So I had that conversation with him three times. I kept going back in there. I'm like, you can reproduce this, right? Yeah, we're tight. We're friends and everything, but I don't know him that well, so I just had to make sure he wasn't shooting himself in the foot.

Kerry King, "Residue"

Kerry, you were talking about the song "Residue." The video is quite something. It's obvious there's been a love of pyro for you there throughout the years. Is there ever such a thing as too much pyro?

It has to be fun to see how you've been able to incorporate more and more fire to the live shows and videos from your early days of performing to the production you can present now. Where did that love for pyro start? And what types of things do you most like to see out of a live show production?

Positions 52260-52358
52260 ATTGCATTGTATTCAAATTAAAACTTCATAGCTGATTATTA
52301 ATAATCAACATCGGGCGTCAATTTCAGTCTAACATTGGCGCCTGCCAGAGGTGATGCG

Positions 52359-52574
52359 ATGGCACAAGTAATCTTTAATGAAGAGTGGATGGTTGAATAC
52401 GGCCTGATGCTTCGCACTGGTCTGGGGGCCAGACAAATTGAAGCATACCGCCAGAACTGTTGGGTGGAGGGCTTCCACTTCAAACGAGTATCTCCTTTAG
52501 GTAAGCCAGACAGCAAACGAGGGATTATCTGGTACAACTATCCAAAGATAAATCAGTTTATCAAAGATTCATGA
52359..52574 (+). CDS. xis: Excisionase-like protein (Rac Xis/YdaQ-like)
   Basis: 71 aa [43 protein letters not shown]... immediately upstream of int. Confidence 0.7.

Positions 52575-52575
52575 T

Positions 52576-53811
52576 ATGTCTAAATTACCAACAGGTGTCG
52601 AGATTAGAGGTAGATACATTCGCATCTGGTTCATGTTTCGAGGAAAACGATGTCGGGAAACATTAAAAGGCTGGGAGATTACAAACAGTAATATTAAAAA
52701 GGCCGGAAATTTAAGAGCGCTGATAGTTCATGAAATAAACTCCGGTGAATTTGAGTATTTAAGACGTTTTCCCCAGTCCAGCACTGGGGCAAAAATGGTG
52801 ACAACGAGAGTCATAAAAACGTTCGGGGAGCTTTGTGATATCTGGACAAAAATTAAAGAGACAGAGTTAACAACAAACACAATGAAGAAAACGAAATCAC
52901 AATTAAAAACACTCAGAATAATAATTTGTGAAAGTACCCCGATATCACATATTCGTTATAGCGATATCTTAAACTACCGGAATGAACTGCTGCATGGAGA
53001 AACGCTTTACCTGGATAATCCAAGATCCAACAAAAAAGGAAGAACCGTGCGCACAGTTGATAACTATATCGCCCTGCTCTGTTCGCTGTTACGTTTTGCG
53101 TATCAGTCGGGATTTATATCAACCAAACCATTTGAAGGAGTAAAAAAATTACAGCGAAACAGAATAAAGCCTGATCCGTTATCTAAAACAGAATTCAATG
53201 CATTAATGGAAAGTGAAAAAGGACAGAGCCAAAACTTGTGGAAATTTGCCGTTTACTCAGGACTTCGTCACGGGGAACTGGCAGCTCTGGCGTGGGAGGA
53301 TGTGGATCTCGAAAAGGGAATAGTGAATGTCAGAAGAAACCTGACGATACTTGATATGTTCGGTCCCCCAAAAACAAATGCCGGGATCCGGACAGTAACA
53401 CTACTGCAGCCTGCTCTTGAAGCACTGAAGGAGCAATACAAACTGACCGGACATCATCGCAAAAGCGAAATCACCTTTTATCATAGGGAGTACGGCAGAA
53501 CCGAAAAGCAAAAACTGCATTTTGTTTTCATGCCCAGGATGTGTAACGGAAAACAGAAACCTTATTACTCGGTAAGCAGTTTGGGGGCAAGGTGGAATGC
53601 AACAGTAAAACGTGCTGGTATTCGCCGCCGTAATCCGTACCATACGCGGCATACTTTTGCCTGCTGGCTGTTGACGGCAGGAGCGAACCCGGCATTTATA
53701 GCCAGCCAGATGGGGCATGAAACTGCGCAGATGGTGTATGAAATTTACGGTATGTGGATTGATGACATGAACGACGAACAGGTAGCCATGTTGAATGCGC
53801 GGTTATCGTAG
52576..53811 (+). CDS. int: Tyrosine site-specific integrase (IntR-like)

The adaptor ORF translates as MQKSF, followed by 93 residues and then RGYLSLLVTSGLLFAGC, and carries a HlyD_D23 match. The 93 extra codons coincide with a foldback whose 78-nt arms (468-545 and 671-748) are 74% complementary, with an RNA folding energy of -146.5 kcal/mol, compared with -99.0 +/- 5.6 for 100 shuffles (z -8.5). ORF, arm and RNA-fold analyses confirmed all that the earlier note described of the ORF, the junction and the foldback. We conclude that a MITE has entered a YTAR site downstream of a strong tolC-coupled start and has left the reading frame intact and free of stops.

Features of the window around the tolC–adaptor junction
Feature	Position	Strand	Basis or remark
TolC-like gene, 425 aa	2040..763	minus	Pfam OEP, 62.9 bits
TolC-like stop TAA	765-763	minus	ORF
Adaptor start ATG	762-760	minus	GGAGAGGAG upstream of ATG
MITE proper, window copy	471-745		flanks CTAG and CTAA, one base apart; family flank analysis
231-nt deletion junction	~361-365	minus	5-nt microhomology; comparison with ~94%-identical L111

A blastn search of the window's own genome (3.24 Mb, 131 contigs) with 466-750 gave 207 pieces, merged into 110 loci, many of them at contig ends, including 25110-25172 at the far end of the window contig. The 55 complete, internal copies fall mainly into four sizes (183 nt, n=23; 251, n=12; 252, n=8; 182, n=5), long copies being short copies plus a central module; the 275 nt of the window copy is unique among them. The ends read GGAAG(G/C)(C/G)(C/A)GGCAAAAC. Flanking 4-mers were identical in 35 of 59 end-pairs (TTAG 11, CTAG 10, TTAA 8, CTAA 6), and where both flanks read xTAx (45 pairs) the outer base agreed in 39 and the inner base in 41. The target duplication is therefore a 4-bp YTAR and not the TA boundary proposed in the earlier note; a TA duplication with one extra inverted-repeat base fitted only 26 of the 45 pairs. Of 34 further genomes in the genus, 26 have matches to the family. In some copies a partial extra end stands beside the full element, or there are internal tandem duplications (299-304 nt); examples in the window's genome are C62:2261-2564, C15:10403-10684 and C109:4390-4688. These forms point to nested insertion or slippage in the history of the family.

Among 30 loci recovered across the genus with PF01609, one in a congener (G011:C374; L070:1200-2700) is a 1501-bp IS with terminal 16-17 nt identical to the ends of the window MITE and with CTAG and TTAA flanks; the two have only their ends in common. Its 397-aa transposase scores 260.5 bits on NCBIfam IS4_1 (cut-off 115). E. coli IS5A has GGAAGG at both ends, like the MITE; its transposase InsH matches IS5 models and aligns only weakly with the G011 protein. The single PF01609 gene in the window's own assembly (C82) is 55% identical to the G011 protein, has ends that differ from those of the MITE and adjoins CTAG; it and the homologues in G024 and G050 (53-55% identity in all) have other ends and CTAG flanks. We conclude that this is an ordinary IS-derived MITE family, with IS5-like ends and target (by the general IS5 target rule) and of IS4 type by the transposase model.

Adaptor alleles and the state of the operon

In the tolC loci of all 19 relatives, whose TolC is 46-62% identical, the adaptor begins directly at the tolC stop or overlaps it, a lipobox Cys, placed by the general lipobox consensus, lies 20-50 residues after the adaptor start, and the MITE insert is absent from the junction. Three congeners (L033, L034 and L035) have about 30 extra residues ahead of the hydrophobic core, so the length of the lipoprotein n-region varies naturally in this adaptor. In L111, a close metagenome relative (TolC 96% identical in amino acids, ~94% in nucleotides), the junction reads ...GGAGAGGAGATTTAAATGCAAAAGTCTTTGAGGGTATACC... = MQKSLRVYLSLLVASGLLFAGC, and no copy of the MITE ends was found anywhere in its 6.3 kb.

I enjoy seeing everything in a live show production, not necessarily in my own show. But video screens are also very effective. I think that's a very common go to. I don't think that every time you see video screens, the video content's that great. Sometimes it looks like they mailed it in, so I didn't want that fire.

It is what it is, and you know what you're going to get. There is no mailing in fire. It's there. It's awesome. It is what it is. It heats the place up. It goes hand in hand with this kind of music, you know? And I think fire, I think of bands like Sabbath, I think Venom. I think Slayer. That being part of my pedigree, that's where my love of fire comes from, I'm sure.

Kerry, the touring and festival dates keep adding up. Why was the Lamb of God / Mastodon tour the perfect bill for you to play your first major tour on?

I've got a lot of history with both those bands. When Mastodon came out, they were on a tour with us off and on for probably the better part of two, three years. The Lamb of God guys were on most of our last run, if not all the last run, I can't remember, but they did a lot of our final tour, so we've got a lot of history with both those guys.